Much of the documentary follows Lynch as he prepares for and shoots Inland Empire, which he reveals began with a suggestion from Laura Dern that they needed to ‘do something’ together. We follow Lynch as he tours disused Polish factories yelling “Hello Sally!” into their echoing dark bellies, presumably to check acoustics, and not simply because he enjoys shouting weird stuff in strange locations, but you never know.

He talks about the use of darkness and mood while photographing a factory in Poland on a location scouting expedition, and becomes quite animated when reviewing his shots of rusting machinery and faded peeling walls, pointing out in particular a photo he took of an ominous dank staircase which looks like it could very well be the seed of the staircase Mr C takes to get to the Dutchman’s in Season 3.

Throughout, you see similar evidence that Lynch ferrets ideas and images away that he’ll use later, sometimes multiple times, whether they’re relevant to the plot or not. There’s a glimpse of a suit jacket hanging to dry after being dyed a bright ‘Dougie’ green. We see Lynch recording via a boom mic stuck inside a gramophone horn the sound of him slowly winding the gramophone key, producing an eerie scraping and scratching noise, which we will see the development of at the beginning of Twin Peaks Season 3. Listen to the sounds…

In his use of repeated imagery and focus on symbols, textures, lighting and moods rather than coherent plot you can see that he really crosses the line between film-maker and artist, and has little distinction between the two, or much concern for the established rules of either form. It’s particularly evident in Inland Empire, which was largely a solo effort and sprang from the depths of his mind with little influence from anyone else — the first movie since Eraserhead that Lynch has had complete control over — directing, editing, writing, cinematography, and sound design. Whilst wildly different, you can see the artistic vision linking Eraserhead and Inland Empire, and whether you believe Lynch benefits from having collaborators reining in some of his impulses it is fascinating to watch him work.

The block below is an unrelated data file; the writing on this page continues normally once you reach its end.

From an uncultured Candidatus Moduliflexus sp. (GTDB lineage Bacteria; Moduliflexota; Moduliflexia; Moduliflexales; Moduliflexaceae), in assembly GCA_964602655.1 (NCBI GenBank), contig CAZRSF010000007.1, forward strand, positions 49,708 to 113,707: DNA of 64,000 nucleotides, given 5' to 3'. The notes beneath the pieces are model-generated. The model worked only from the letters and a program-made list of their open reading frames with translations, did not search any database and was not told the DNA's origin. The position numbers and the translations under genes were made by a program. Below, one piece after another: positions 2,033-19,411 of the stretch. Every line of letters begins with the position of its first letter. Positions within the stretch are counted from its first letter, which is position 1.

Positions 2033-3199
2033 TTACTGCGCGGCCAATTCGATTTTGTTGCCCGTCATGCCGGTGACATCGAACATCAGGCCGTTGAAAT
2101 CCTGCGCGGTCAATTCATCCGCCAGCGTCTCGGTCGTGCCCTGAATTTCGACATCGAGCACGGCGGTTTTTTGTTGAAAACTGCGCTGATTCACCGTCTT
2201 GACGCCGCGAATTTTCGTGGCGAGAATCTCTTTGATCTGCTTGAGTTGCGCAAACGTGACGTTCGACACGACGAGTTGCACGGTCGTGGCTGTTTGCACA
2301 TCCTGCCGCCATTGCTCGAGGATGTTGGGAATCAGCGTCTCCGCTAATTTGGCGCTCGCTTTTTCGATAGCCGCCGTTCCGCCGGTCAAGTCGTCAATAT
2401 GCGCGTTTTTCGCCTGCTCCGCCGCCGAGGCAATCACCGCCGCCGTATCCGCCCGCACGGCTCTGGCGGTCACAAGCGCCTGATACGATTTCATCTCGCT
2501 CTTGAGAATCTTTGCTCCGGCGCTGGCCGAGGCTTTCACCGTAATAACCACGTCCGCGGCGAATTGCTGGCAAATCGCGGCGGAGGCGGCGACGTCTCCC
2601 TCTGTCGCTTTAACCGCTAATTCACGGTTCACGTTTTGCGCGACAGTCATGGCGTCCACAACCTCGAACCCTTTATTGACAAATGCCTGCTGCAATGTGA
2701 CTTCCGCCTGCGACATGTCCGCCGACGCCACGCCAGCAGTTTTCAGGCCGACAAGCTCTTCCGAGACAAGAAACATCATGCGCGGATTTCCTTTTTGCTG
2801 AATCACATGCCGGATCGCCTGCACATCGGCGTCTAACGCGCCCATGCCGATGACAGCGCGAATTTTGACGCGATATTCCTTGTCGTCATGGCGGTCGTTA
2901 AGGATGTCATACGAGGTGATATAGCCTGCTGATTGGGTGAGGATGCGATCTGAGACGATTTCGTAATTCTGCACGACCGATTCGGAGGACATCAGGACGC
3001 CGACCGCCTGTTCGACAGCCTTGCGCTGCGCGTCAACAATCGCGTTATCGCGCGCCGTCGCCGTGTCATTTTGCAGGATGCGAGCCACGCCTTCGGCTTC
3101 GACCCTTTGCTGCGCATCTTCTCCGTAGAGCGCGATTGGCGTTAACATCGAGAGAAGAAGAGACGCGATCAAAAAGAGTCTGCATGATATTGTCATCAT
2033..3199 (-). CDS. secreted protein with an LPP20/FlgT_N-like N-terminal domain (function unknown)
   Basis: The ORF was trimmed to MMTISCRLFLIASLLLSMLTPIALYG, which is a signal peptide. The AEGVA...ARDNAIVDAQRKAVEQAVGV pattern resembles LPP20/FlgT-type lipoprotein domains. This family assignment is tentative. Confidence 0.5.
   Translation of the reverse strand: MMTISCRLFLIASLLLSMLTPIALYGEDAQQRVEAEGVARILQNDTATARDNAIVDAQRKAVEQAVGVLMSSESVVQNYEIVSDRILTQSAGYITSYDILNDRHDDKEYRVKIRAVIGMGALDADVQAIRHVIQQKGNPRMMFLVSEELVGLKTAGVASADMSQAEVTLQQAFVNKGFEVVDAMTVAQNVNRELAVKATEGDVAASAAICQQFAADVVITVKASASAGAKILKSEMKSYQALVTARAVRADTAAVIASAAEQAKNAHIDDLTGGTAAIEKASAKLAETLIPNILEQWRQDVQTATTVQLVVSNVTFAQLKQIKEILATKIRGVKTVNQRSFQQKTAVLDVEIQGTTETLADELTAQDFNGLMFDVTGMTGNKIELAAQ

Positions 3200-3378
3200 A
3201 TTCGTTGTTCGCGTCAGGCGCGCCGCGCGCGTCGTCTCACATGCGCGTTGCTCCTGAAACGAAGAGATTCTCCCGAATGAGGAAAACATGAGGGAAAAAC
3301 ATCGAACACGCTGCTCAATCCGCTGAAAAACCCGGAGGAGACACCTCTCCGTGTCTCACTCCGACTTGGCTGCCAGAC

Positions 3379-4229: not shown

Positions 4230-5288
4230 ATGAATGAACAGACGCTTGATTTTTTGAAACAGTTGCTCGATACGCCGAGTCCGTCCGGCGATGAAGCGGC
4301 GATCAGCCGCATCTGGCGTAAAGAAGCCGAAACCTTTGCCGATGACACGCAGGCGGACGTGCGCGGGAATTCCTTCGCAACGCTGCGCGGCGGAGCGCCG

lynch crouching

One of the main takeaways of this documentary is Lynch’s incredible attention to detail in all aspects of production, perhaps best displayed here when we see him crawling around on a floor rubbing paint on it, trying to get the texture and patterns looking exactly how he wants it.

It is overall a fascinating insight into the man, the production of Inland Empire, Lynch’s approach to movie-making, and how Inland Empire differed — being basically a collage of shooting scenes from the hip, and ideas he has as he’s going along. “It’s an experiment” he frets, somewhat depressed and anxious about what he’s doing. The film doesn’t shy away from the troubles Lynch had with the production and simply figuring out what he was even trying to make. He talks about how he’s reading the bible to get ideas, “To find out what this film is about. That’s what I did on Eraserhead.”

There is a particularly awkward scene where Lynch gets a call from Jeremy Irons who he is courting to appear in the film, and tries to explain about the character and the film, but fails miserably. Jeremy doesn’t seem to mind though and Lynch seems genuinely excited to have bagged Mr Irons.

It seems Lynch both enjoys but is equally terrified of working blind, and indicates that this is the first time he’s been completely winging it when he says “I’ve never worked like this before.” It is a credit to Lynch that he allowed this level of access, displaying the open chaos of the production of Inland Empire, and his own confusion over how to approach it, to be filmed and released. Despite often not having even a loose grasp on the totality of the film he is making, his vision for scenes when it does come through is definite and clear, and it’s that clarity that makes his work both hypnotic and unlike most other filmmakers working in recent years.

“I want a one-legged 16 year-old girl…I want a Japanese girl who’s Eurasian…like 23…I want a pet monkey, a spider monkey.”

[1] “Documenting David Lynch.”
Original link defunct. As quoted by MacGuffin in post “Lynch One,” XIXAX Film Forum, January 04, 2007.

[2] Dawson, Nick. “blackANDwhite, LYNCH.” Filmmaker Magazine.

Written by Matt Armitage